Polish attitude towards H1N1 pandemic and WHO’s credibility in the context of bioterrorist threats
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Milczanowski, M. (2012). Polish attitude towards H1N1 pandemic and WHO’s credibility in the context of bioterrorist threats. Studia Europaea Gnesnensia, (6), 108–121. Pobrano z https://pressto.amu.edu.pl/index.php/seg/article/view/2547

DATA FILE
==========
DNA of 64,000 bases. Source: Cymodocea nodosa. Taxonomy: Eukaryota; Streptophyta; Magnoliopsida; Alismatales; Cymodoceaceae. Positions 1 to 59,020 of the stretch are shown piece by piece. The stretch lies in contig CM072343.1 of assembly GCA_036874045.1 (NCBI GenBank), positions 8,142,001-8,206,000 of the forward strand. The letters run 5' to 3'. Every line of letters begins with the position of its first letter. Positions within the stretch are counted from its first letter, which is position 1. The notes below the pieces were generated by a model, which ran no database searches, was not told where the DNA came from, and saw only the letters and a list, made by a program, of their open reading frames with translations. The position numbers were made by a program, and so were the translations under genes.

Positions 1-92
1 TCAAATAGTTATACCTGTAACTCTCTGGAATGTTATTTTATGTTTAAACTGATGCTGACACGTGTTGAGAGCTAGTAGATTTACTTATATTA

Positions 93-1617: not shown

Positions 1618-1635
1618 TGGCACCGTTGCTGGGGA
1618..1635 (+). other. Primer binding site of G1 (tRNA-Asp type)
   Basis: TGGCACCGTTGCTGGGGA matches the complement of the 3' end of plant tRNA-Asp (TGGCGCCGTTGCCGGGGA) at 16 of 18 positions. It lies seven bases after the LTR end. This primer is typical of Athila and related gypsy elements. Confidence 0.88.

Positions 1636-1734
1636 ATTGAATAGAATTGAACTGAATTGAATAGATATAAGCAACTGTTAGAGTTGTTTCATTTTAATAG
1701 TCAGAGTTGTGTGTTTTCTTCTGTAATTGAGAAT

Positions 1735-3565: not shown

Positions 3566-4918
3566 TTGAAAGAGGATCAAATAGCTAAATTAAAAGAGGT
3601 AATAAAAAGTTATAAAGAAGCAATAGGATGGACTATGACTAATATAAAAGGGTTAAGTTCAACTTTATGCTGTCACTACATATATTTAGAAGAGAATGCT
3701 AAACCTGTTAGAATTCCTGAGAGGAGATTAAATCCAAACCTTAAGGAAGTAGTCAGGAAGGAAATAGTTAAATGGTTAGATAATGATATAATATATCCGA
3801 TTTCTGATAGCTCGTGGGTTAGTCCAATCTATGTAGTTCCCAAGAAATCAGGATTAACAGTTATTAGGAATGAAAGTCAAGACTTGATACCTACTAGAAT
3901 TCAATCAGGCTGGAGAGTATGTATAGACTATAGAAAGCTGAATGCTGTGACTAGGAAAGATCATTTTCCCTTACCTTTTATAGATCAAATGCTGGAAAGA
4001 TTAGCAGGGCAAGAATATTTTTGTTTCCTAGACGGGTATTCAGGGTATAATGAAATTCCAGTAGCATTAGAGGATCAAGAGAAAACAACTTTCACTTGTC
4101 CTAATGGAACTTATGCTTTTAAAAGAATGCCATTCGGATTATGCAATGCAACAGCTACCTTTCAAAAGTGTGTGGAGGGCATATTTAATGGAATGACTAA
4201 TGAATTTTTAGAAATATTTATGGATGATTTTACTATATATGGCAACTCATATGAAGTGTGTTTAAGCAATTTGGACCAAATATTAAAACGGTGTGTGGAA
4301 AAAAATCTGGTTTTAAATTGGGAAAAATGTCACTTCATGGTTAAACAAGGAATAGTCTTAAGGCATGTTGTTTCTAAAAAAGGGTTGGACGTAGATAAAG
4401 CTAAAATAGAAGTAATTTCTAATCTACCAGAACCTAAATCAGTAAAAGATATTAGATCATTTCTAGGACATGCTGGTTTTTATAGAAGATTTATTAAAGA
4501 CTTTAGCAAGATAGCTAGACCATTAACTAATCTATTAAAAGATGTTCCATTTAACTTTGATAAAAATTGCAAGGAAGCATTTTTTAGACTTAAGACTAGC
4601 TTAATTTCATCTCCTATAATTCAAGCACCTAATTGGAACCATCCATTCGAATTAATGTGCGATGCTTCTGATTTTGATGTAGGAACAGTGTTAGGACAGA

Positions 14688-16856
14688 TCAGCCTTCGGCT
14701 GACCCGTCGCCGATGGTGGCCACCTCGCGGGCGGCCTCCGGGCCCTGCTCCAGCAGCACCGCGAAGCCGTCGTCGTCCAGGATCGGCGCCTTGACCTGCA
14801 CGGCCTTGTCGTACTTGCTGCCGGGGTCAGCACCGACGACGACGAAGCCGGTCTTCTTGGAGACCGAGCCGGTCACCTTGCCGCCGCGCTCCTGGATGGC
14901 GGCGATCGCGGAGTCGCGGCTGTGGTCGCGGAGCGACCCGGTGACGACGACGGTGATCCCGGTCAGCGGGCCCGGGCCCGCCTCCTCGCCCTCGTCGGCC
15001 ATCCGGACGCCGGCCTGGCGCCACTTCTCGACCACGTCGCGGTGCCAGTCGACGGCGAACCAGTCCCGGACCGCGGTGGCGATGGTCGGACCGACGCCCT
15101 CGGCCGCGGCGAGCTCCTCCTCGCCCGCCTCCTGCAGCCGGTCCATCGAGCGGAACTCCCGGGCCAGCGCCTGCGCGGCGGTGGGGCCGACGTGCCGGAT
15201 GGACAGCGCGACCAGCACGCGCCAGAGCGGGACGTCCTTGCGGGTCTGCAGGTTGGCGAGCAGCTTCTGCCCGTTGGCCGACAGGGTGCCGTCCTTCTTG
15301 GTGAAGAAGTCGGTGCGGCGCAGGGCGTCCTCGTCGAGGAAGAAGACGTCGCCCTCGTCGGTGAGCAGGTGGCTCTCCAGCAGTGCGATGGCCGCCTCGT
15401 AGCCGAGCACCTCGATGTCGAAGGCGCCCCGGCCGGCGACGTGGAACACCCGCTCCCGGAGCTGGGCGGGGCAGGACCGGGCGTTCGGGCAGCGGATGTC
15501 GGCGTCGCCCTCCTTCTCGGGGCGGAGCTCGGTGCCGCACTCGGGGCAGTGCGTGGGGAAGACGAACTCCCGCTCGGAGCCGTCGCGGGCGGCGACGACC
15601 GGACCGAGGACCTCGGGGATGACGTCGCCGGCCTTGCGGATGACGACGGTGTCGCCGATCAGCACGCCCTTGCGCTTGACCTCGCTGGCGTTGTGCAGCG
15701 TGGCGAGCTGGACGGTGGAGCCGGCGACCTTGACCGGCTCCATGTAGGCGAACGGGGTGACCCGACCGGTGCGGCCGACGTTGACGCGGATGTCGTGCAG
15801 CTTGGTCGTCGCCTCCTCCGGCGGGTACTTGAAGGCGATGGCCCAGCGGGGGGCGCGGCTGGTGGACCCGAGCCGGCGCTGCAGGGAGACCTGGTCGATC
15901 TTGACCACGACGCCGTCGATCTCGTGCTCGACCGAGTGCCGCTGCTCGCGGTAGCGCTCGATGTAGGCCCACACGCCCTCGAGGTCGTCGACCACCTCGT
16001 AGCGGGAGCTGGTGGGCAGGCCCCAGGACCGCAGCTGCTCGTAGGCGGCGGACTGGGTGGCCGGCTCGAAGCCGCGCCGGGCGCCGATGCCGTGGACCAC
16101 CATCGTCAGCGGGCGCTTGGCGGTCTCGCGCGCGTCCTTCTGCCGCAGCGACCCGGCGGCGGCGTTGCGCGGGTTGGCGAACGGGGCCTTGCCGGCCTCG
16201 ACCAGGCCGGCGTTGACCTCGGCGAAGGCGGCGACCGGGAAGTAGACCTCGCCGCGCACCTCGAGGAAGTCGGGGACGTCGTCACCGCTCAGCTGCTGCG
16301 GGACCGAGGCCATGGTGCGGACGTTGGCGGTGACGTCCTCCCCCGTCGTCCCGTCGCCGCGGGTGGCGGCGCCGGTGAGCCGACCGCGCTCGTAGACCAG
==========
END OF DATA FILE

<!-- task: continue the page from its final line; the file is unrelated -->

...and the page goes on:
The article discusses the credibility of WHO, one of the most important global organisations responsible for distributing information, issuing guidelines and recommendations in the case of imminent threat of epidemics, pandemics of bioterrorist attack.  In view of the uniqe character of bioterrorist threat, it is particularly important that such an organisation be beyond any suspicion. Unfortunately, the H1N1 case of 2009 – 2010 caused a tremedous credibility deficit, both among the people and in governments.  European Commission conducted an investigation concerning the justifiability of purchasing drugs that were to halt the pandemics. Yet the most important discovery was that many advisors to government members at the time had connections with pharmaceutical companies, which had a direct influence on state decisions to make bulk purchases of medicines.  On multiple occasions, WHO recommended buying vaccines and administering them to entire populations. In view of all these circumstances, WHO’s credibility has much decreased after the H1N1 crisis. In this situation, the stance of the government ofPoland, which firmly opposed the pressure to buy the vaccines deserves a detailed analysis. It seems that the decision was dictated not only by financial considerations but most of all resulted from a rational assessment of the situation. At the same time, WHO should change the procedure it employs in such situation, becoming a body which does not only advise but also takes responsibility for the recommended solutions.

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